Saturday, February 7, 2009

Waltz With Bashir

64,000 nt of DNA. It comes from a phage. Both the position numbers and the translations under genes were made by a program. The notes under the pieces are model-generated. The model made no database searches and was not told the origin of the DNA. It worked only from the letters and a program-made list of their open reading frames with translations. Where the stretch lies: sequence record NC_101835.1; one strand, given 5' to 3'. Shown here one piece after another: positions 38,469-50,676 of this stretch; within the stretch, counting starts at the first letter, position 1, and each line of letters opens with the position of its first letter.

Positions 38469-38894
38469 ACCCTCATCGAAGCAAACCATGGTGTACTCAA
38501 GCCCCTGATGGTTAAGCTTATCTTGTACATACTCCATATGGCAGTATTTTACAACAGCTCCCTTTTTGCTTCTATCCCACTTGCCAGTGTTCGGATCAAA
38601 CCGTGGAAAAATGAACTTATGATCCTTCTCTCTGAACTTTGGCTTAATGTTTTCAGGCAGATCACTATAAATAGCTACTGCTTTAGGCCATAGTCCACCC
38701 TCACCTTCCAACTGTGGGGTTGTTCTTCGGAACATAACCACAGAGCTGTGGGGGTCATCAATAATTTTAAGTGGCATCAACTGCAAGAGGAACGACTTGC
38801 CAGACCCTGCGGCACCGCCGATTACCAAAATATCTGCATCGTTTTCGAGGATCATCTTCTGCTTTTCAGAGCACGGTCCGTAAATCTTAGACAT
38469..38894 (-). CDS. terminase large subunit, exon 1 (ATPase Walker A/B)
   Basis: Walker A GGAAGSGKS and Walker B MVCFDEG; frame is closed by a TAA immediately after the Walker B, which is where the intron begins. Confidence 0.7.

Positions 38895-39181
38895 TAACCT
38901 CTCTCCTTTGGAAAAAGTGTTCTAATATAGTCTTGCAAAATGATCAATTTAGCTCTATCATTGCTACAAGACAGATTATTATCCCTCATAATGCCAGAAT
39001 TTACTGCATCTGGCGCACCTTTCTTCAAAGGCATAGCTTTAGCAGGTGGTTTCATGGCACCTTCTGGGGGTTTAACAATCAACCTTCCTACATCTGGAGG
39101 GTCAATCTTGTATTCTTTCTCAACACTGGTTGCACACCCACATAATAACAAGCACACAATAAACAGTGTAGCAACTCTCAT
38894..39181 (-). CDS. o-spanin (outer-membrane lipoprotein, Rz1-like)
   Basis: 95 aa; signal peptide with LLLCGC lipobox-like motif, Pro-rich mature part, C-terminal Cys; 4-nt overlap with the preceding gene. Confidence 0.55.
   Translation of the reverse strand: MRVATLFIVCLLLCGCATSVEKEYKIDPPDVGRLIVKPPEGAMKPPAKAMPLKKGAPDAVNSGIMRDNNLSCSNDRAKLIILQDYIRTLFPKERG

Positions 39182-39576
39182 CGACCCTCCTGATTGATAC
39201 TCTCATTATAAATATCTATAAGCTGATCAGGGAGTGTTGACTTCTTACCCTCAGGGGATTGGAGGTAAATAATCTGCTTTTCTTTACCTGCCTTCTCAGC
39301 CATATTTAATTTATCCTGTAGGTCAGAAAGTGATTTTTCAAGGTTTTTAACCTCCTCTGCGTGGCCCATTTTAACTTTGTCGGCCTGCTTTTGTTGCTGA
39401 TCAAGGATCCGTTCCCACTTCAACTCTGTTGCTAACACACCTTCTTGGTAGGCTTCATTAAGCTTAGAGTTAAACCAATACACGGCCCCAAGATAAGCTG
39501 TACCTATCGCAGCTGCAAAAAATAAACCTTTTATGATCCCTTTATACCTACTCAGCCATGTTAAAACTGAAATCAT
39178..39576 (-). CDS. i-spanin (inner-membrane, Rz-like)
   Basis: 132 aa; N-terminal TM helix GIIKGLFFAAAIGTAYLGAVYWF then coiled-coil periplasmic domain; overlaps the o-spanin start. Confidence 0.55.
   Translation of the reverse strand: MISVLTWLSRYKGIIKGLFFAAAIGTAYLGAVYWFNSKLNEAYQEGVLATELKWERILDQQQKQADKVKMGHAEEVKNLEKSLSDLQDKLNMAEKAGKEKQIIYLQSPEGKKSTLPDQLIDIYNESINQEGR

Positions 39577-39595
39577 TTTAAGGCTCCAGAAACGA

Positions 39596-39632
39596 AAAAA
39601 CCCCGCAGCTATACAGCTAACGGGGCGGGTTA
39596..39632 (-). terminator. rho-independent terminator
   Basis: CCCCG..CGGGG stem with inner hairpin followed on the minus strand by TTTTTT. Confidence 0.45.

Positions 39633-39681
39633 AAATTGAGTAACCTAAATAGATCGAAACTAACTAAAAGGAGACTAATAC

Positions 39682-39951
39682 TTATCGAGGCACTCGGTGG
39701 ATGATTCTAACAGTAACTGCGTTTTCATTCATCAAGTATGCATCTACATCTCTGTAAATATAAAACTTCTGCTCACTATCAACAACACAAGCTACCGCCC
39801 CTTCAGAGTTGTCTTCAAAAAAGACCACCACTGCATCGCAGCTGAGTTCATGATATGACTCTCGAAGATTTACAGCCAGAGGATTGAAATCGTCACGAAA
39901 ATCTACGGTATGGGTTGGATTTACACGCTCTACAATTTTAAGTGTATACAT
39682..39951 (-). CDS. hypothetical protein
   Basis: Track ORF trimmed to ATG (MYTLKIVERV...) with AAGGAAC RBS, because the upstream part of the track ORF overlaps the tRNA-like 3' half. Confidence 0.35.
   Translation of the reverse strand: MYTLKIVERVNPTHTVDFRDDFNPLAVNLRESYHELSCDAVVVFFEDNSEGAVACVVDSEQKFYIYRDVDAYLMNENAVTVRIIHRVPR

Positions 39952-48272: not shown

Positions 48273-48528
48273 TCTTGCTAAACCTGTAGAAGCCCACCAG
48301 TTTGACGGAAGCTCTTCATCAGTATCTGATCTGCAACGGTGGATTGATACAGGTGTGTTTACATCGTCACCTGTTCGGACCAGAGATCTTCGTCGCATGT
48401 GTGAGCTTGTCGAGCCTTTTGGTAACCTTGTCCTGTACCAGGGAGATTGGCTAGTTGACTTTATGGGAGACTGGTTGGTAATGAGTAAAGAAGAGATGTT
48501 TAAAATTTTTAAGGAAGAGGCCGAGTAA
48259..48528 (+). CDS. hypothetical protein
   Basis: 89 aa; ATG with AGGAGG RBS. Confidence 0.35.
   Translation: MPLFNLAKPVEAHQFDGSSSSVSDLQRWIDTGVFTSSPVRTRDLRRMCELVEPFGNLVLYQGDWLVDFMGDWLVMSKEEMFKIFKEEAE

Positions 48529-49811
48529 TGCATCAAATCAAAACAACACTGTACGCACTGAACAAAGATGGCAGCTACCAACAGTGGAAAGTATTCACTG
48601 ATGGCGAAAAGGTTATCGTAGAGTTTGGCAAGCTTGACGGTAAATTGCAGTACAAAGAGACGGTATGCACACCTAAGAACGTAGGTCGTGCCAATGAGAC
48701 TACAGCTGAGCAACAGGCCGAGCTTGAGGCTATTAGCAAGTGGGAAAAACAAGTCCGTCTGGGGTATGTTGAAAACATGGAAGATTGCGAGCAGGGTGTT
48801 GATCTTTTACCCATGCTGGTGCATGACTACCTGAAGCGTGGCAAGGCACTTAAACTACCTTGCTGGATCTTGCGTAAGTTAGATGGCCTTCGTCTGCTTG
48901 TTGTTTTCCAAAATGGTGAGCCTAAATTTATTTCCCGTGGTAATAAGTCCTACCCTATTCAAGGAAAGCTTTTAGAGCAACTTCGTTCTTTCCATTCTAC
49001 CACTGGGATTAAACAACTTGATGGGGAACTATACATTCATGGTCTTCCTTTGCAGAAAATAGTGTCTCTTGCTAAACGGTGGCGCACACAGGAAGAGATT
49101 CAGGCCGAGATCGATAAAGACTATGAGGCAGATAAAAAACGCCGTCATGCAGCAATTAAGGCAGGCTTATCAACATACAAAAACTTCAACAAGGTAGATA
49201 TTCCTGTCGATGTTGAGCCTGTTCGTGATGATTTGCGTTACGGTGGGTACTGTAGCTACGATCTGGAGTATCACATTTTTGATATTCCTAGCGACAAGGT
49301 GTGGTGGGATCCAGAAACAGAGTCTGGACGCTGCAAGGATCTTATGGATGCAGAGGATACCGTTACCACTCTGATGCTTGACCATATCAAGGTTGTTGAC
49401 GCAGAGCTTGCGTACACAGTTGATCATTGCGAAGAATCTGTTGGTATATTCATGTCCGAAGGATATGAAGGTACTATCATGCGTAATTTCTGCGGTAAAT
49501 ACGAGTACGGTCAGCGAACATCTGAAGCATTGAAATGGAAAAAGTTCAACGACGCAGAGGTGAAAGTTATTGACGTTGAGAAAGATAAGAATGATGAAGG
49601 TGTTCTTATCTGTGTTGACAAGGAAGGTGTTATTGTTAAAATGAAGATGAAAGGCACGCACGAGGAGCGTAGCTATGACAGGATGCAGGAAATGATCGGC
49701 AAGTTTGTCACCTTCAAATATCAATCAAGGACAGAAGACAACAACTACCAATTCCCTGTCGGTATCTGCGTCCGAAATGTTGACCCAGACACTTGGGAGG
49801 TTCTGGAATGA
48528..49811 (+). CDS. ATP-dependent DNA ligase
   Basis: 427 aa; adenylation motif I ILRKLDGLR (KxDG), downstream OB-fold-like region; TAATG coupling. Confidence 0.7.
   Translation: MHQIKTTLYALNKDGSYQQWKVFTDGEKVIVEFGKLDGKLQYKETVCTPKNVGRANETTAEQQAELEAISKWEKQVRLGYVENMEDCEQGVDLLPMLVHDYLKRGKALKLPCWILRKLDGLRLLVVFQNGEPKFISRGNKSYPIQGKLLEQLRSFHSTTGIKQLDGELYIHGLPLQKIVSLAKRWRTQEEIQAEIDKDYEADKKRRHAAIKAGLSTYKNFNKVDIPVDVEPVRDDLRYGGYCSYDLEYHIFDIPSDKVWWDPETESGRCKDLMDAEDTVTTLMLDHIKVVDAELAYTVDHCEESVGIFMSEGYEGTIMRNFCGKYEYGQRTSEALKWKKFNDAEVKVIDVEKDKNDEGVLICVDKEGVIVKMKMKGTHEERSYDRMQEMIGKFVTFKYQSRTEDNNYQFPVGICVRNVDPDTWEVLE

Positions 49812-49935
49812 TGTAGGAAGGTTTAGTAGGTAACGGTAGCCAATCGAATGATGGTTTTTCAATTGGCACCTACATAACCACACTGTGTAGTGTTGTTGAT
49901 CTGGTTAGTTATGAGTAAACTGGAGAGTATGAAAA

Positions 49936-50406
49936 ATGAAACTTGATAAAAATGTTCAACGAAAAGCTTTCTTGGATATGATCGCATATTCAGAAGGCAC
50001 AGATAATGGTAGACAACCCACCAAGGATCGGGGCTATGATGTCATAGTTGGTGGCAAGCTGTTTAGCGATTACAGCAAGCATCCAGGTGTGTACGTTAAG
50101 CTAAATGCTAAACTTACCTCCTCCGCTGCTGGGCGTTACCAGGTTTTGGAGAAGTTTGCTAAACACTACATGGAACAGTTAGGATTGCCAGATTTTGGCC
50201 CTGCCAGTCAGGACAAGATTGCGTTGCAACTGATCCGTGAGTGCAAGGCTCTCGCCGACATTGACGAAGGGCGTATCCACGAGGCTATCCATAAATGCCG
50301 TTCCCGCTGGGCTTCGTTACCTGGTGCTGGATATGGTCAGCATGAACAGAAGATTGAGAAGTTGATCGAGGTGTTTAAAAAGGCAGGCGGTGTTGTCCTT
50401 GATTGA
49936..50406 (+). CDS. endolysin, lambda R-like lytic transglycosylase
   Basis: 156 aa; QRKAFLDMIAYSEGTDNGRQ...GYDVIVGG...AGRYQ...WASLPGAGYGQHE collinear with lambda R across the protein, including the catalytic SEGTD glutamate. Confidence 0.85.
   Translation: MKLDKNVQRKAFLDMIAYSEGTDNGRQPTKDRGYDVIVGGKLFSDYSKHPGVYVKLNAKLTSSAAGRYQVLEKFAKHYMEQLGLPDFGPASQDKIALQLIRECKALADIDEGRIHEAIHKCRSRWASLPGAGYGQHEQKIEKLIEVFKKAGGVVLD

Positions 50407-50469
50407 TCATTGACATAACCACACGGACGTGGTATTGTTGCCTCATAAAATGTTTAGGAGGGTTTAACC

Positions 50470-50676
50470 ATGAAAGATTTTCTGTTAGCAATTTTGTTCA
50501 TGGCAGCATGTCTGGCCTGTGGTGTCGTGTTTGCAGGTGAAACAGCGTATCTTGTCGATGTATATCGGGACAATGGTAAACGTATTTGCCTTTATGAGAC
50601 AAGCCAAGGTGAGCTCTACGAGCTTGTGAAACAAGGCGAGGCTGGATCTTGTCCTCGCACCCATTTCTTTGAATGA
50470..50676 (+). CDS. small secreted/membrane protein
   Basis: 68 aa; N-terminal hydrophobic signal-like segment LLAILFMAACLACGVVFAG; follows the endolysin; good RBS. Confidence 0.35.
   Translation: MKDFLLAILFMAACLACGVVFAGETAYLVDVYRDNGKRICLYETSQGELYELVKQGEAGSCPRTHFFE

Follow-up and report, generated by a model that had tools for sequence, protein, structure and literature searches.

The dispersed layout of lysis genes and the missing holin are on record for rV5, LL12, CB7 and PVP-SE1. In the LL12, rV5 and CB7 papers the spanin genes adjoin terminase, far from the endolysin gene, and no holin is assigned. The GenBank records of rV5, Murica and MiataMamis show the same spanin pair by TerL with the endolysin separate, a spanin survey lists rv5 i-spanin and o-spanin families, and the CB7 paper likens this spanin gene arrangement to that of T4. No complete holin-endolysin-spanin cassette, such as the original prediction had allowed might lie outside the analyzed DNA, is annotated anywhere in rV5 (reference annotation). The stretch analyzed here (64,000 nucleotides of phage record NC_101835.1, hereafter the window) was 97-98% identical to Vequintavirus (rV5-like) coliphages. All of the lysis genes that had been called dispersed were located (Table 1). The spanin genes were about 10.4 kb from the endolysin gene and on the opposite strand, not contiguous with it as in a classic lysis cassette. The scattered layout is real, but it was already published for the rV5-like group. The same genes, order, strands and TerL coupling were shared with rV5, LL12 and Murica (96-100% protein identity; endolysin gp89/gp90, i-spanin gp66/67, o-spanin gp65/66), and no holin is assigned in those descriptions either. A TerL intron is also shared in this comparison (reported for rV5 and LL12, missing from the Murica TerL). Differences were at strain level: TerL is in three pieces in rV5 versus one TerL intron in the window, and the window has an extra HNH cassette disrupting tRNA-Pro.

"Waltz With Bashir" is one of the best films of 2008. Ari Folman, documentarian, pieces together his past in the war in a fragmented, visually unmatched documentary in which he details the lack of clarity of the war in amazing animation. Folman finds twisted poetry in the 1982 Lebanon war in which he was in, and also shows the lack of recollection caused. When he meets a friend of his, who describes his murdering of sentinel dogs, the flashbacks that he never had come piling on. There is one in particular where he emerges from a sleep in the sea, and walks dazedly through a destroyed city. It's power is enhanced by a haunting score by Max Richter that I can't describe. The movie is somewhat the same: indescribable, stunning, (as Ebert sort of said) harrowing, and (as someone said I believe) very strange. All-in-all, "Waltz With Bashir" is a masterful achievement, (as someone said) one where a former soldier documents his horrible memories and (as someone said) quite brilliantly at that. He captures the very nature of the battleground, the falter of reality, the lives scarred, and the ultimate destruction caused. It is endlessly worthy of praise, for its bold and daring look. Although one part in particular drags, it is not enough to deter the course of Folman's great film. A

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